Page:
27. You absolutely do have to turn on your forehand volley.  While pros may differ a bit on how much turn is preferable, there is no question that saying "don't turn on your forehand volley" is really bad advice.

  28. WRONG!!! Bad advice. You should turn some for both the forehand and backhand volley. Very important to turn on backhand volley so you can keep the wrist firmly locked.

  29. No right or wrong here and any experienced tennis coach should not use those terms. The amount of turn depends on the ball coming toward your side of the court, low wide (possibly out) balls will need a greater turn than shots coming within a step or 2. Bad demo too, shouldn't need to exaggerate the "wrong way" and the difference between the two was minimal. Also it depends on the grip you are using. No turn needed if you are using a full or semi western grip but a continental or eastern backhand grip will require a turn just to hit the ball straight.

  30. Terrible. Notice how the student can't even do it "the right way". He still turns his shoulders and hips which is the right way to hit a good volley. A better approach would have been to say this is ANOTHER way to hit volleys.

  31. Stick to the baseline Jeff, not a real situational approach to demo, as it is more about decision making and relativity to where the ball needs to go. Shoulder turns will be evident in all forms of the volley.

  32. Hmmmm,  he is turning his shoulders, my goodness. i think jeff uses the contrary statement in the heading for attention and shock interest.  its just a smaller degree turn than the full turn,he demonstrates as the wrong way…  jeff is even telling him , good job with the smaller 30 ish degree turn,  but its still a turn…. why does he post stuff like this?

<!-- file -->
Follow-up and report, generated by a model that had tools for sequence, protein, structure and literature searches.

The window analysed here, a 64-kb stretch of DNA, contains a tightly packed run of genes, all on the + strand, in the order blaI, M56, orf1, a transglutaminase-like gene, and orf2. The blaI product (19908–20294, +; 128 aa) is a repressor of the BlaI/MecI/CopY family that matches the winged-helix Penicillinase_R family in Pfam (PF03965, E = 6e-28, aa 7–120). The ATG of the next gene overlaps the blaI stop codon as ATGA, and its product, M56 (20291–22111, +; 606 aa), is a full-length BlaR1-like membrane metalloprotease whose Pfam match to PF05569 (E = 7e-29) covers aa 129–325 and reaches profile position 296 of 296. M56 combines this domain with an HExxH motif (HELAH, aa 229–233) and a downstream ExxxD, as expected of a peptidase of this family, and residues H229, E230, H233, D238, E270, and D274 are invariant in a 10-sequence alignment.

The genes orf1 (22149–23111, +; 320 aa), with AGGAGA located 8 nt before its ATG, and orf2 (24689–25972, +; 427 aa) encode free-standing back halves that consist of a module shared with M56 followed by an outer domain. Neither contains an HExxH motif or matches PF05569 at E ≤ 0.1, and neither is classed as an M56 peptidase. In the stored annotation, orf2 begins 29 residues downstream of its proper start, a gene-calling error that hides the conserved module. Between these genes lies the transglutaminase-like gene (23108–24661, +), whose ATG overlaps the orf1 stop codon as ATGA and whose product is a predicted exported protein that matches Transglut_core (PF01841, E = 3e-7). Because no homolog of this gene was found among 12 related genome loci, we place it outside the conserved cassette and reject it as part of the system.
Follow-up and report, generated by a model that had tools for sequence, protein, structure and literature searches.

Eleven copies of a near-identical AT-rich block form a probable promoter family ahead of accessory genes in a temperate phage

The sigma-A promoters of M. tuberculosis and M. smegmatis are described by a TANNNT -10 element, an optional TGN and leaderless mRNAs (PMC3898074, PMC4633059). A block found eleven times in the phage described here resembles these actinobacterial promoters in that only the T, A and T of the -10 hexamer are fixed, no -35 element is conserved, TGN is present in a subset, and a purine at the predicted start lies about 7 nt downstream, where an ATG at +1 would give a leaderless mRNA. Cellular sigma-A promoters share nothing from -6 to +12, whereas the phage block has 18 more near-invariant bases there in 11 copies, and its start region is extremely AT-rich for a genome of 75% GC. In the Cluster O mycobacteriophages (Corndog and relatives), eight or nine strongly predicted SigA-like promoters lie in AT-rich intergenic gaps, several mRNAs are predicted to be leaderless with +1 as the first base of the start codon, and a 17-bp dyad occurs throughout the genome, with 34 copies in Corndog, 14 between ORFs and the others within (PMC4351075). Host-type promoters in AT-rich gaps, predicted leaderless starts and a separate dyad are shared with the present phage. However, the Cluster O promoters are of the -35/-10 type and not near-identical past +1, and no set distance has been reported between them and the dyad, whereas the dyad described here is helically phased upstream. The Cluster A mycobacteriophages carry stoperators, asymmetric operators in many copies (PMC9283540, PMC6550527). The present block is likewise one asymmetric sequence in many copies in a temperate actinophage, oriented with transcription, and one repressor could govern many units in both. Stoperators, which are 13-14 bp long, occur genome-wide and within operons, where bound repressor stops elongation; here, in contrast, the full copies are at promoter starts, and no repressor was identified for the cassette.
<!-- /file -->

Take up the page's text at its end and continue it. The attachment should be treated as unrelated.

33. I would have pegged a ball at his right shoulder to watch how he would hit it without turning his shoulders. 🙂

  34. Jeff is mostly correct here. He is using absolute language to make a point but there are always exceptions and tennis is very situational. His demonstrator did not exemplify the point very well but maybe Federer will convince in the video below. The backhand volley is a different stroke and often does require good shoulder turn but not always, i.e. reflex volleys.

    https://youtu.be/DVGgy5QFYjs

  35. Should you bring your offhand in during the actual forehead volley or can it just hang loose and not do anything during the forward swing?

  36. Forehand myths debunked: Former Top 100 ATP Pro, Jeff Salzenstein, is exposing 3 common myths that could be crippling your forehands potential. Most players make at least 1 of these 3 mistakes… Do you? https://goo.gl/Pa9UG6

  37. Jeff, you are spot on. Remember our junior days when we played so many time against each other. Hope you are well.

  38. In the juniors, Jeff beat me 6-1, 6-1. So I'm going to take his advice. Lol. Oh, and his dad was my first tennis coach.

  39. thank you so much! improved a lot in many ways after watching your video. A tennis lover from Taiwan, thank you so much!